Cumulative exposure to air pollution and long term outcomes after first acute myocardial infarction: A population-based cohort study. Objectives and methodology

Gerber, Yariv; Myers, Vicki; Broday, David M.; Koton, Silvia; Steinberg, David M.; Drory, Yaacov
January 2010
BMC Public Health;2010, Vol. 10 Issue 1, p369
Academic Journal
Background: Cardiovascular disease is a leading cause of morbidity and mortality worldwide and epidemiological studies have consistently shown an increased risk for cardiovascular events in relation to exposure to air pollution. The Israel Study of First Acute Myocardial Infarction was designed to longitudinally assess clinical outcomes, psychosocial adjustment and quality of life in patients hospitalized with myocardial infarction. The current study, by introducing retrospective air pollution data, will examine the association between exposure to air pollution and outcome in myocardial infarction survivors. This report will describe the methods implemented and measures employed. The study specifically aims to examine the relationship between residential exposure to air pollution and long-term risk of recurrent coronary event, heart failure, stroke, cardiac and all-cause death in a geographically defined cohort of patients with myocardial infarction. Methods/Design: All 1521 patients aged ⩽65 years, admitted with first myocardial infarction between February 1992 and February 1993 to the 8 hospitals serving the population of central Israel, were followed for a median of 13 years. Data were collected on sociodemographic, clinical and environmental factors. Data from air quality monitoring stations will be incorporated retrospectively. Daily measures of air pollution will be summarised, allowing detailed maps to be developed in order to reflect chronic exposure for each participant. Discussion: This study addresses some of the gaps in understanding of the prognostic importance of air pollution exposure after myocardial infarction, by allowing a sufficient follow-up period, using a well-defined community cohort, adequately controlling for multiple and multilevel confounding factors and providing extensive data on various outcomes.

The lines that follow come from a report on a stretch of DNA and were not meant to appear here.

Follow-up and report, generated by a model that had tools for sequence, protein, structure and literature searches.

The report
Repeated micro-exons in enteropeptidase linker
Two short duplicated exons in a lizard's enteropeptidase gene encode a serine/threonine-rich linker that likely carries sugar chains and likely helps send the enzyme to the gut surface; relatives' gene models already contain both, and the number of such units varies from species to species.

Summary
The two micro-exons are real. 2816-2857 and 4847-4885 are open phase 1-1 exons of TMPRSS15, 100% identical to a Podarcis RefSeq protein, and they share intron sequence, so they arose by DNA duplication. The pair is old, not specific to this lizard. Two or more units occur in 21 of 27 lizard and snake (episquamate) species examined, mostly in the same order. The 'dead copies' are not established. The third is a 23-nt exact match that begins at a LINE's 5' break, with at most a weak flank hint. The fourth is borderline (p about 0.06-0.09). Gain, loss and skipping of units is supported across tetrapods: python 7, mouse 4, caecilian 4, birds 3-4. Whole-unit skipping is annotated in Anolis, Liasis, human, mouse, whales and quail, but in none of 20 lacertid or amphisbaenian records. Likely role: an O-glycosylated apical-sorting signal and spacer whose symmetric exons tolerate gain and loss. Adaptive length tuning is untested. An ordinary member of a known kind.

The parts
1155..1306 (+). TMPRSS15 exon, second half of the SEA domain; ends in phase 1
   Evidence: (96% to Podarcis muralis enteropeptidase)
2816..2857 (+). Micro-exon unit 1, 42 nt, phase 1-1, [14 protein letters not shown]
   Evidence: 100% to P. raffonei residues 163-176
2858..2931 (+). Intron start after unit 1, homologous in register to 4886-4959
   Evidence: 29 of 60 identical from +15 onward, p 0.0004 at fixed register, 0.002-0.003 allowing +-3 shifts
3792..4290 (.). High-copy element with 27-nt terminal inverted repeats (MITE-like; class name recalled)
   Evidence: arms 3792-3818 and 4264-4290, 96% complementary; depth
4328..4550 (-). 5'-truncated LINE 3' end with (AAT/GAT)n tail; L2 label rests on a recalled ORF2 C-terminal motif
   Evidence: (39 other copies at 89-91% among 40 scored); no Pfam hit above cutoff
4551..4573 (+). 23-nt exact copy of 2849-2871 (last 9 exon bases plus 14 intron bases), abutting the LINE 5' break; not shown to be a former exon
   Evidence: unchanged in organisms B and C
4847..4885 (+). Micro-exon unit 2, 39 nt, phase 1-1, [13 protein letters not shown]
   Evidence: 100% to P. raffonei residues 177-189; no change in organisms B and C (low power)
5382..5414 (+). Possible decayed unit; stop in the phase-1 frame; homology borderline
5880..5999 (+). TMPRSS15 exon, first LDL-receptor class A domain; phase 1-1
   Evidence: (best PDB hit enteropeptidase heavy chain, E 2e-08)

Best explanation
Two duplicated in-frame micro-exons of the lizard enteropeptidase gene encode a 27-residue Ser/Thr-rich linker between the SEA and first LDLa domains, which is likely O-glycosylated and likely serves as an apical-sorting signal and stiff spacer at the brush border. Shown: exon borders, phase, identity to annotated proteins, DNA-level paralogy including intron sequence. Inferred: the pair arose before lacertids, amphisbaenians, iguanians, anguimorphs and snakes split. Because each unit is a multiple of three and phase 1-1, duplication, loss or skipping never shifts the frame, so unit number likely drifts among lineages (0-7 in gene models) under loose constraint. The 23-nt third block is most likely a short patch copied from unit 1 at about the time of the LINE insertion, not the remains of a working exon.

Related Articles

  • Trends in long-term survival following acute myocardial infarction and revascularization. Linden, Belinda // British Journal of Cardiac Nursing;Apr2009, Vol. 4 Issue 4, p196 

    A summary of the article "Long Term Survival After Evidence Based Treatment of Acute Myocardial Infarction and Revascularisation: Follow Up of Population Based Perth MONICA Cohort," from the journal "British Medical Journal" is presented. The long-term survival of three cohorts of patients...

  • Air pollution and emergency admissions in Boston, MA. Zanobetti, Antonella; Schwartz, Joel // Journal of Epidemiology & Community Health;Oct2006, Vol. 60 Issue 10, p890 

    Study Objective: Many studies have shown that ambient particulate air pollution (PM) is associated with increased risk of hospital admissions and deaths for cardiovascular or respiratory causes around the world. In general these have been analysed in association with PM10 and ozone, whereas PM25...

  • The Effect of Particulate Air Pollution on Emergency Admissions for Myocardial Infarction: A Multicity Case-Crossover Analysis. Zanobetti, Antonella; Schwartz, Joel // Environmental Health Perspectives;Aug2005, Vol. 113 Issue 8, p978